t the three-minute mark of “Plaster Casts of Everything,” the Liars are My Chemical Romance. Or, if you’d rather, they’re Sonic Youth, Richard Hell, Television. Liars don’t suddenly sound so much like these bands: rather, they “are My Chemical Romance” in the same way your little brother is My Chemical Romance, in his bedroom with his guitar and tablature, pretending large masses of people enjoy his music. For at least one minute during “Plaster Casts,” Liars sculpt very traditional, linear rock music.
This is significant, because since Liars broke in 2001 they have rarely been anyone other than themselves (besides, goofily, Einstürzende Neubauten). If pre-release webspeak is to be believed, this change will not go unnoticed: a mess of “Actual songz!!!” blather has risen like a blazing, irritating phoenix, depressingly aided by quotes from Angus Andrews himself. Liars’ We No Longer Knew Who We Were was reminiscent of Joy Division’s Warsaw EP—a forward-thinking band in its punk genesis—but it now suggests that an alternate title for Liars might have been We Remembered Who We Were.
Drum’s Not Dead connected Liars to folk traditions that almost certainly never existed—I thumbed fife and drum bands while Jeff Siegel went back farther still, both massive reaches—but nonetheless staked the band’s art to something tangible. Liars doesn’t receive the same benefit of the doubt, though a tedious list of touchstones link it to an unassailable critical tradition. Derek Miller noted that moments “sound like Jesus and Mary Chain on the other side of the fire pit”; Liars is ripe with similarly appealing parallels.
The album swivels on four songs, beginning with “Cycle Time,” during which Liars continually jump ship, narrowly missing blues riffs and pop production. Andrews answers previous criticisms of perverse lyricism with stoopidity. “Freak Out” is a thorough goof, caramelized in fuzz. He and his boys roughhouse with gods on “Clear Island”: “Hey hey hey / Dirty clouds got rough / And they’re banging back and forth throwing lightning at us.” The guitars go like this—"dun dun dun dun dun dun"—but, importantly, they go, rather than put their back to a wall and gnash their teeth. The drums sound like war veterans, grim, tired, and quiet. Like a great hardcore screamer, Andrews will never receive proper credit for his craft but he navigates a narrow range—whinny, grunt, hover—better than most obtuse frontmen. If he enacts a discernible change, it’s his willingness to reveal the contours of his voice: a towering, intense crooner.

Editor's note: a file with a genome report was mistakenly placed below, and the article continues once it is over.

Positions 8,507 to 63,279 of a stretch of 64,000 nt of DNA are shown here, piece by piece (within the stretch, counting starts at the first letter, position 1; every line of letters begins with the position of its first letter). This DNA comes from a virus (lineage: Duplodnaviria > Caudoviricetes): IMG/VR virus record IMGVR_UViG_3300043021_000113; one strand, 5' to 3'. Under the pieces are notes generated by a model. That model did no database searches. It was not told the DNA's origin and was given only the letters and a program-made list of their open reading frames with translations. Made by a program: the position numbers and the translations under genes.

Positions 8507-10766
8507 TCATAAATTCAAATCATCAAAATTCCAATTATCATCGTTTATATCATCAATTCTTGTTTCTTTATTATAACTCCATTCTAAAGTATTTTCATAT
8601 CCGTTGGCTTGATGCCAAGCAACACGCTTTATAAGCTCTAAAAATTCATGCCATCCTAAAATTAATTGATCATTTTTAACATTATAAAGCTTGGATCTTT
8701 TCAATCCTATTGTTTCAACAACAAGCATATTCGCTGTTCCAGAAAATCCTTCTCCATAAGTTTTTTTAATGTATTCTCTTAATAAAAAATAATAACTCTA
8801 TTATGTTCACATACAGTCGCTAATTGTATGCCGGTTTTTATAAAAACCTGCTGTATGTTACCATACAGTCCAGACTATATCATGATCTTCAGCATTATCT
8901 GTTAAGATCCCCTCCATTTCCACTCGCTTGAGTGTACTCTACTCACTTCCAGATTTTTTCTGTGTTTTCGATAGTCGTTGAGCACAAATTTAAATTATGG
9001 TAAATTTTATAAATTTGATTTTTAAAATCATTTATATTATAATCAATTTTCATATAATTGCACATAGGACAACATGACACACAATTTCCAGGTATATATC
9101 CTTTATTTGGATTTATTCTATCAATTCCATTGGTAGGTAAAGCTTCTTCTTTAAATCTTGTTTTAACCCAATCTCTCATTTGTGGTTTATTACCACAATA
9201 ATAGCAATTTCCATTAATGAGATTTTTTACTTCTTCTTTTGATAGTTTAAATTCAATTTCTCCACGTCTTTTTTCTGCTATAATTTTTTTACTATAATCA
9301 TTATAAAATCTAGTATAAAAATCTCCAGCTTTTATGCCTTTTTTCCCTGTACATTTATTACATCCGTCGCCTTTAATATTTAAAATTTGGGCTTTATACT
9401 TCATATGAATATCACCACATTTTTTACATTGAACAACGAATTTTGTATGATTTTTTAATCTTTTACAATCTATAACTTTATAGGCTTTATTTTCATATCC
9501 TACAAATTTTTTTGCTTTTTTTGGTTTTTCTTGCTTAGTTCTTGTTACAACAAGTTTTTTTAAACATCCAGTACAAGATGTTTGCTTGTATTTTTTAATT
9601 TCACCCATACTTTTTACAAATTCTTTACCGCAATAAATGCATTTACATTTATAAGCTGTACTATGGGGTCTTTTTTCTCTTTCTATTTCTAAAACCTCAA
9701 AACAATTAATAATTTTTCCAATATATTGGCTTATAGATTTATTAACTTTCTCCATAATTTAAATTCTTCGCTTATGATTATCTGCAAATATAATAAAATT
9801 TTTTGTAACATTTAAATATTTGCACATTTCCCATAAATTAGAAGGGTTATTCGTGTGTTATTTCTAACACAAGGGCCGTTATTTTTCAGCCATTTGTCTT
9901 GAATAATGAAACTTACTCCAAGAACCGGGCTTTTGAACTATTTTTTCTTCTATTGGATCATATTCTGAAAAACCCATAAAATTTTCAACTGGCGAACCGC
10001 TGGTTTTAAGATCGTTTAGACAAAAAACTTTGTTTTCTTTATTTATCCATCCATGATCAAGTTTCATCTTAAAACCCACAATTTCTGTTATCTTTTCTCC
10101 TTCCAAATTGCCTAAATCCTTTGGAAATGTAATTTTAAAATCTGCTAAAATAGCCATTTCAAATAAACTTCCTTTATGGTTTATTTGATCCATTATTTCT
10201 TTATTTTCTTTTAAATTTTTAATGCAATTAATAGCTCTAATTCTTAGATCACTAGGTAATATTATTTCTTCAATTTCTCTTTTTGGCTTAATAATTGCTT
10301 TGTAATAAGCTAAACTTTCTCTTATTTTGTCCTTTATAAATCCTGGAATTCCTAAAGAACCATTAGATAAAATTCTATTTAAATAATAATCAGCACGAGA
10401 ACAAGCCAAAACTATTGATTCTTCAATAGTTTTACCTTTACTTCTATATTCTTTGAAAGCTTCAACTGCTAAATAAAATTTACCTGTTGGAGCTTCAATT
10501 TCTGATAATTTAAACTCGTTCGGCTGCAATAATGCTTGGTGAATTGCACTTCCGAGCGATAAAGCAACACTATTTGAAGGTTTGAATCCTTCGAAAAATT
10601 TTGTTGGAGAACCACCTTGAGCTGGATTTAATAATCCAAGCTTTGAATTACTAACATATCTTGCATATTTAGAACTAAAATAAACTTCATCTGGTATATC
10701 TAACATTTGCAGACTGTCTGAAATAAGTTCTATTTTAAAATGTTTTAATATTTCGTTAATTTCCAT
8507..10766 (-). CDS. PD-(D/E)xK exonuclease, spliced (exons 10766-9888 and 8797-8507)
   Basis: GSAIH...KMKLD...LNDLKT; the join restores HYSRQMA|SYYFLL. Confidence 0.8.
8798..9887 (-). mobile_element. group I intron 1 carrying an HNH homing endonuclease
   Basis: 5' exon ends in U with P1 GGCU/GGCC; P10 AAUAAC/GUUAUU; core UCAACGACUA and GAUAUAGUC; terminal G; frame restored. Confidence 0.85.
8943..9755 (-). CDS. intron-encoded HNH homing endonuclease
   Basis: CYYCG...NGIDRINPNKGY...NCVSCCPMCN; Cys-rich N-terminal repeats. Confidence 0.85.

Still, Liars is the band’s first album to crumble. It is huge and minimal, impatient and sage. “Protection” grasps for…precious? “Versatile” is in the back of my throat. These are things to say about albums and the bands who make them, and up until now Liars weren’t a band, and they didn’t make albums; they were a fucking force, and their instruments were tools for summoning. Liars, ironically, is no longer Liars.
I am being unfair, because little on Liars suggests they have lost their edge. And if Liars have reached the post-masterpiece phase of their career where they hone their craft to a needle’s point, Liars is an absolutely brilliant jump-off. That is a heartbreaking concession, grousing or no. Andrews still sounds the part, but I wonder. On “Sailing to Byzantium” he sings “It’s time to wake these dumb fucks up” and when I’m impatient I answer, “Yes, please.”